Watson, John Dawson (DNB00)
WATSON, JOHN DAWSON (1832–1892), artist, born at Sedbergh, Yorkshire, on 20 May 1832, was the son of Dawson Watson, solicitor, and grandson of John Watson of Borwick Hall, Lancashire. He was educated at Sedbergh grammar school under the Rev. John Harrison Evans. His artistic talent was manifested in early life, and he left Sedbergh in 1847, at the age of fifteen, in order to become a student at the Manchester School of Art. In 1851 he went to London and pursued his studies under A. D. Cooper and at the Royal Academy, returning to Manchester in 1852. His first exhibited work was the ‘Wounded Cavalier,’ shown at Manchester Royal Institution in 1851. His ‘Painter's Studio,’ containing portraits of himself and Mr. Cooper and family, was painted in 1852. In 1856 some of his figure subjects were purchased by John Miller of Liverpool, and attracted the attention of Ford Madox Brown, who invited him to exhibit at his house in London. He joined the Letherbrow Club at Manchester in 1857, and between that time and the end of 1859 contributed twelve papers and many delightful pen-and-ink drawings to the manuscript volumes of the club. One of these volumes being shown to Routledge, the publisher, led to Watson being asked to make a series of drawings for illustrations to Bunyan's ‘Pilgrim's Progress.’ He then, in 1860, settled in London, and the book was brought out at the end of the same year and was a great success. It was followed by illustrations to ‘Robinson Crusoe,’ ‘Arabian Nights,’ and many other books as well as periodicals (cf. Gleeson White, English Illustration: the Sixties, 1897).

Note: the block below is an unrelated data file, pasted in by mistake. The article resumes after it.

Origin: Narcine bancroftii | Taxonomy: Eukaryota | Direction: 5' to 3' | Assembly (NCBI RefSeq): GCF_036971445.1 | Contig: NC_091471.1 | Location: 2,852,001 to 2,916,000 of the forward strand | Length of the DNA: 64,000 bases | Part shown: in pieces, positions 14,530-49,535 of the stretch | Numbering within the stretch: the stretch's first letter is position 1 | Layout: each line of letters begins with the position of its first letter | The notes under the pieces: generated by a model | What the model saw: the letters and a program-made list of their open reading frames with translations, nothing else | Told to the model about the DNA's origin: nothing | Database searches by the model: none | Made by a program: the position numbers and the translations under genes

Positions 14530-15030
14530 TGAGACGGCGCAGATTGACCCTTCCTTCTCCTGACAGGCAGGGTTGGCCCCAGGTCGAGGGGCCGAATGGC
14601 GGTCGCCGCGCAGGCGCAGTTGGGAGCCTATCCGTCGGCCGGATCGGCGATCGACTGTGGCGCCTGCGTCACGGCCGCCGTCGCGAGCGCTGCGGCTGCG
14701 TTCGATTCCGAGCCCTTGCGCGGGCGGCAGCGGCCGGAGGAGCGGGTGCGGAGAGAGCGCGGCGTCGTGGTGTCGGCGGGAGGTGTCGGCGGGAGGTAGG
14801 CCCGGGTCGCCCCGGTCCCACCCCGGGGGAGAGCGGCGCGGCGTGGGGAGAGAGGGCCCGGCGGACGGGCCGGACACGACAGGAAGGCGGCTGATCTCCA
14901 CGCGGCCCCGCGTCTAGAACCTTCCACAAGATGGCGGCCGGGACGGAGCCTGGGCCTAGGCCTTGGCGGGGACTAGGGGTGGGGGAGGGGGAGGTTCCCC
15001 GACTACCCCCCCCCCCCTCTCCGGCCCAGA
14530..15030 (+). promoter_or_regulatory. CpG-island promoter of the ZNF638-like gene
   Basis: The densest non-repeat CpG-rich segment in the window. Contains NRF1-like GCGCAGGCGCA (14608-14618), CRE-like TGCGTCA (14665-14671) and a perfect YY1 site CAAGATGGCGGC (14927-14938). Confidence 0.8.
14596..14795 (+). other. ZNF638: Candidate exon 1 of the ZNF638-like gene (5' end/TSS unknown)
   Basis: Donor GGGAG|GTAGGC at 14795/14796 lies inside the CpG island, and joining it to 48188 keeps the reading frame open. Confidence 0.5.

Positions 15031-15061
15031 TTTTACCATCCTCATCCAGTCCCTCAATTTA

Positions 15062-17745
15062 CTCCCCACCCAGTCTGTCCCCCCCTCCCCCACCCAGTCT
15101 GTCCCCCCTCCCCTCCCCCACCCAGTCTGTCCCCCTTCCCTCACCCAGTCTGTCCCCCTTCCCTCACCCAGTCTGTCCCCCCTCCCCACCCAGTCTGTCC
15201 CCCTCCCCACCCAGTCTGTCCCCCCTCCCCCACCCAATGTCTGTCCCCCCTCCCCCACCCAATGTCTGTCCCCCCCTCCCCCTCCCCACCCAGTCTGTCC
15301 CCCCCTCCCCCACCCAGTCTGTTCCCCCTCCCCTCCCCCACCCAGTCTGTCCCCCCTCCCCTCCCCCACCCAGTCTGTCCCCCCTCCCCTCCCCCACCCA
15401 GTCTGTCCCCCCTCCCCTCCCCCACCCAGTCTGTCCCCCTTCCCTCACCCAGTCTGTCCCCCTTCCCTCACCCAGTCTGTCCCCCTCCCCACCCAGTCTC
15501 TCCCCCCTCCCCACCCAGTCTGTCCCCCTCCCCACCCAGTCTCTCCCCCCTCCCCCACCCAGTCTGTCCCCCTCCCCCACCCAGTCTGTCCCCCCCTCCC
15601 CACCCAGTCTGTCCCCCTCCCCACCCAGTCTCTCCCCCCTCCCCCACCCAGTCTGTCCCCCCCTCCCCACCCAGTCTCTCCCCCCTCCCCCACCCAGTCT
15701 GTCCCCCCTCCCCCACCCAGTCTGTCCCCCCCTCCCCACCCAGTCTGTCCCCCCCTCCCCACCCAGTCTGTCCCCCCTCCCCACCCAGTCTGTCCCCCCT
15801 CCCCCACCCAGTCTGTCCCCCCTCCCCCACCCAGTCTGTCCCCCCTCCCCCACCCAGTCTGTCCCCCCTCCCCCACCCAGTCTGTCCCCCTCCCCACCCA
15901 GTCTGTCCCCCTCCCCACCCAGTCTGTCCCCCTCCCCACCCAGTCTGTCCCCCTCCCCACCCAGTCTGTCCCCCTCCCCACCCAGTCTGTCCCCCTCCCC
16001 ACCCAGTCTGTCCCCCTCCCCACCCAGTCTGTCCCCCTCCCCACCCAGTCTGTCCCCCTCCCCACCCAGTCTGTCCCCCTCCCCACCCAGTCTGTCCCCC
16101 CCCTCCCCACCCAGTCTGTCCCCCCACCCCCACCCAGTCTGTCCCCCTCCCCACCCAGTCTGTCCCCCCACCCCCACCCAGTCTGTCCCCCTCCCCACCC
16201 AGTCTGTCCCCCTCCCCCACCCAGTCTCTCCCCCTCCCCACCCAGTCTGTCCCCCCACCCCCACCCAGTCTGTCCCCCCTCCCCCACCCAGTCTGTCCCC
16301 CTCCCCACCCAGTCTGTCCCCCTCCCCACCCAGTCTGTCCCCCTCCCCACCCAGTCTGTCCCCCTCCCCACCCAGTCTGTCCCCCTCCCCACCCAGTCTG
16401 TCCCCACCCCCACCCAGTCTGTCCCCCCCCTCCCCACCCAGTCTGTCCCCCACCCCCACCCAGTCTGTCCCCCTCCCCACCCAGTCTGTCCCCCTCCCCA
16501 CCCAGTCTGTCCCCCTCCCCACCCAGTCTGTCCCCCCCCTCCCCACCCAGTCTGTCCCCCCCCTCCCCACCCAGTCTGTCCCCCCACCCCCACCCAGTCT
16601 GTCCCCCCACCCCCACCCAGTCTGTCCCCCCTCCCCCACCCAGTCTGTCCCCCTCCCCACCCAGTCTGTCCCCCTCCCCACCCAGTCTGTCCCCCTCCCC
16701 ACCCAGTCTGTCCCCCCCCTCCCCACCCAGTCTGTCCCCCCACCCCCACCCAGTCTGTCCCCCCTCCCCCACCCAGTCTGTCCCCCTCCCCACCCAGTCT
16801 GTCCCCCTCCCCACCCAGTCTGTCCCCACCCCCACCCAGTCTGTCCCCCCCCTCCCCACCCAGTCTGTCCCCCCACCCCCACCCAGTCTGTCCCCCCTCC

Watson was elected an associate of the Society of Painters in Watercolours in 1864, and a member in 1869. In 1865 he removed to Milford in Surrey, near his brother-in-law, Birket Foster, for whose house he designed the furniture and decorations. His picture ‘The Poisoned Cup’ was painted in 1866, and gained the medal at the Vienna Exhibition in 1873. In 1867 his painting of ‘The Parting’ gained the Heywood prize at Manchester. It is engraved in the ‘Art Journal,’ 1876. An admirable etching, his first attempt in this art, was published in the ‘Portfolio,’ 1873.
In April 1871 he got up an amateur performance of ‘Twelfth Night’ at Newcastle-upon-Tyne, in aid of a fund for the sufferers by the war in France. For this he designed and cut out fifty dresses, and himself acted the part of the clown. In the following year he made sixty-five watercolour drawings of dresses for Charles Calvert's production of ‘Henry V’ at the Prince's Theatre, Manchester.
In 1873 he painted ‘A Stolen Marriage,’ that afterwards gained the prize of 100l. at the Westminster Aquarium. He was elected a member of the Royal Watercolour Society of Belgium in 1876, and sent three pictures to their exhibition in 1877. In the latter year a collection of his works, 158 in number, was shown at the Brasenose Club, Manchester, and he was entertained by the club at a complimentary dinner.
Between 1859 and 1892 he contributed 372 works to London exhibitions. Henry Boddington of Manchester possesses a large collection of his works.
His last years were spent at Conway, North Wales, where he died on 3 Jan. 1892, and was buried in Conway cemetery. He married, at Giggleswick, on 22 Nov. 1858, his cousin, Jane Dawson Edmondson, daughter of Christopher Dawson, solicitor, of Settle, Yorkshire, and left two daughters and a son.[Catalogue of Exhibition at the Brasenose Club, Manchester, 1877, with portrait; Memoir by W. E. A. Axon in Papers of the Manchester Literary Club, 1892; Magazine of Art, 1892, p. 179 (portrait); Graves's Dict. of Artists; British Museum Catalogue; Letherbrow Club Papers (manuscript), vols. iv–vi., kindly lent by Mr. Thomas Letherbrow; Darbyshire's Architect's Experiences, 1897, p. 236.]